Earlier this week I learned that a friend of mine who lived in South Africa had passed away. Her name was Joan Halford - she was an author and expert grower of African violets. Her book, Growing African Violets in Southern Africa, is an excellent reference, written in a wonderfully conversational style. If you can get a copy of it, I highly recommend it - you don't have to live in South Africa to benefit from her knowledge. It's a wonderful book no matter where you live.
I had the great good fortune to meet her in person a couple of years ago during the luncheon auction at the African Violet Society of America's annual convention. We discovered we shared a great love of the written word. I was bidding on books and when I won one of hers at the auction, she autographed it for me. You don't often meet someone so talented who is also charming and gracious. We became friends and stayed in loose touch online. Last year as she was moving to a smaller home, she was downsizing her collection of books about African violets . . . and she sent them all to me because she remembered how much I love books.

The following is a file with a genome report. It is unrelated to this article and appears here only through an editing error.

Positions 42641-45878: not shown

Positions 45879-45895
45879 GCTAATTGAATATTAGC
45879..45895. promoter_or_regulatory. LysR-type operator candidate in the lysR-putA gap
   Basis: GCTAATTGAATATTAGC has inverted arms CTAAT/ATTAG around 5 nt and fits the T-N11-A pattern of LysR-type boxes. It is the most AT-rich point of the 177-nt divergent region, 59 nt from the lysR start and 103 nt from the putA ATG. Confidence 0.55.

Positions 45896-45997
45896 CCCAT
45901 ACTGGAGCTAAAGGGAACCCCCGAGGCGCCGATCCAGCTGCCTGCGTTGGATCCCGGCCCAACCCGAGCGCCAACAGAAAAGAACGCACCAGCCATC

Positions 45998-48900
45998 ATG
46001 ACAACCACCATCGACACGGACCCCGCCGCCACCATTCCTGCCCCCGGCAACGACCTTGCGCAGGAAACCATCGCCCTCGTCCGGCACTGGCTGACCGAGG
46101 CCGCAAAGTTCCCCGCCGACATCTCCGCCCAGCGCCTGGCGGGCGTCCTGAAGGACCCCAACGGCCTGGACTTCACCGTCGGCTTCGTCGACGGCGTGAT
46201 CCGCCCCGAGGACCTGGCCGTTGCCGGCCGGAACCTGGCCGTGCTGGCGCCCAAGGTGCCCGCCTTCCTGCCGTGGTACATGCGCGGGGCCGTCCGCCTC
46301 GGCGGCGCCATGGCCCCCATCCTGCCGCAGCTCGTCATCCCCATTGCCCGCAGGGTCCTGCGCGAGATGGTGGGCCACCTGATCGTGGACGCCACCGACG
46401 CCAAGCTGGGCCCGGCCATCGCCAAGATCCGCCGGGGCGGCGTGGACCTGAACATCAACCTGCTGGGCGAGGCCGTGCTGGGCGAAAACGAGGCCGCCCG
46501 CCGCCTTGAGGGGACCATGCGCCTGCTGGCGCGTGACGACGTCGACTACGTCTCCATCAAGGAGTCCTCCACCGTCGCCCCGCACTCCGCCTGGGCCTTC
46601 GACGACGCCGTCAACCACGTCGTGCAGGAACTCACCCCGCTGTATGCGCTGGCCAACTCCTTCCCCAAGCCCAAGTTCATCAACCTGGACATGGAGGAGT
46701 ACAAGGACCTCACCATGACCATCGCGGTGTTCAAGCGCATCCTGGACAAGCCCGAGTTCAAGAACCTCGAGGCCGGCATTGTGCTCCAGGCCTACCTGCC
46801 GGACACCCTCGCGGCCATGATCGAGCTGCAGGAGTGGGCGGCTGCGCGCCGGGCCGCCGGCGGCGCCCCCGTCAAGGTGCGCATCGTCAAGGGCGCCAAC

Oh, it was like Christmas the day the package arrived! So many books, many of which I had never seen before because they were not published in the United States. I treasure them, as I treasure the memory of an April afternoon with a new friend, spent talking about books and enjoying the auction.
I've discovered I often think of those who have gone on before us as stars in the heavens. When my mom passed away a few years ago, one of my dearest friends sent me a card that still hangs on the bulletin board in my kitchen. It says, "Perhaps they are not the stars, but rather openings in Heaven where the love of our lost ones shines down to let us know they are with us." Joan, you will be missed . . . I hope you know how bright your light shone when you were here. It's comforting to me to think that it still shines on me through the opening in Heaven that belongs to you.